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Assembly member gives her support to physio and self-referral

20 October 2016 - 2:58pm

Northern Ireland assembly and health committee member Paula Bradley gave a thumbs up for physiotherapists in meeting the future needs of a growing population of older people.

Paula Bradley

Paula Bradley believes physio has a vital role. Photo: Kevin Cooper

She was speaking at a CSP event in Stormont on 18 October to showcase the benefits of physiotherapy. Afterwards she told Frontline about the financial pressure the NHS was under and the shortage of GPs.

‘We need to do something with our health service,’ said Ms Bradley, a week before a major report on health and social care in Northern Ireland was due to be published.

Given the crisis in general practice, she said the ability for patients to refer themselves directly to a physio, without first seeing a GP, was an option that ‘needed to be looked at’.

‘We have to find a better way of working,’ she said, signaling a shift away from hospital-based provision.

‘Hospital is not always the best place for people and I’m a great believer that if it can be done in the community it’s the best place.’

Ms Bradley was a social worker and part of a multidisciplinary team in Antrim Hospital before becoming a member of Northern Ireland’s legislative assembly.

'I understand the absolute value of allied health professionals, but I believe we don’t use them to the best of their ability. They have so much more to offer, especially with the self-referral system,’ she said.

‘We could be using all of our AHPs in a different way – we hear of so many innovative plans and working practices in various trusts. These need to be rolled out across the board.’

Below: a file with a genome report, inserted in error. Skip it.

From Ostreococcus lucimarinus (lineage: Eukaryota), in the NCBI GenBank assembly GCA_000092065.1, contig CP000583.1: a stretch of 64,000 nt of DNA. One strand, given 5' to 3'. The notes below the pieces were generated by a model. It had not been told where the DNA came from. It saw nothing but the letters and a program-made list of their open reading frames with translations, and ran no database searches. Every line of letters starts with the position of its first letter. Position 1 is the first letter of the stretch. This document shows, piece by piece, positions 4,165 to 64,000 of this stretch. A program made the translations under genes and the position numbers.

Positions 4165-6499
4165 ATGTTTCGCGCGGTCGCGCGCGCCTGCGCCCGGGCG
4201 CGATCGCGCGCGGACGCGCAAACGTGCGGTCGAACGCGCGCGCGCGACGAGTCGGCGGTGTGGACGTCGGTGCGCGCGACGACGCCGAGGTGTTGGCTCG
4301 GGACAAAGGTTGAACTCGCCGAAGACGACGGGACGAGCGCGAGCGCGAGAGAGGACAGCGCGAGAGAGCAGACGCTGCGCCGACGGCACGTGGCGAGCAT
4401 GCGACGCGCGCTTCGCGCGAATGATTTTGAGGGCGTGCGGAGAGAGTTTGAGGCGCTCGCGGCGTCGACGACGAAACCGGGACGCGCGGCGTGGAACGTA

Ideally, there should be a full team of AHPs working in general practice to alleviate the pressures on doctors, she said.

She also acknowledged that lessons from Northern Ireland’s amalgamated health and social care structure, introduced in 2009, could inform the devolution debates taking placing in Manchester and other English cities.

‘I think we are extremely fortunate in Northern Ireland. I worked here before the two (health and social care) were joined. It changed the dynamics very quickly of how we work together,’ she said.

‘I think it’s helped a smoother way of working, and a smoother transition for conditions that require social care alongside that from allied health professionals.

‘It definitely gets rid of a layer of bureaucracy. It’s not a them and us situation; it’s everyone together. And we have to remember that working together is the best outcome for the client or patient.’

  • The health committee is to look into the role of AHPs in its next inquiry.

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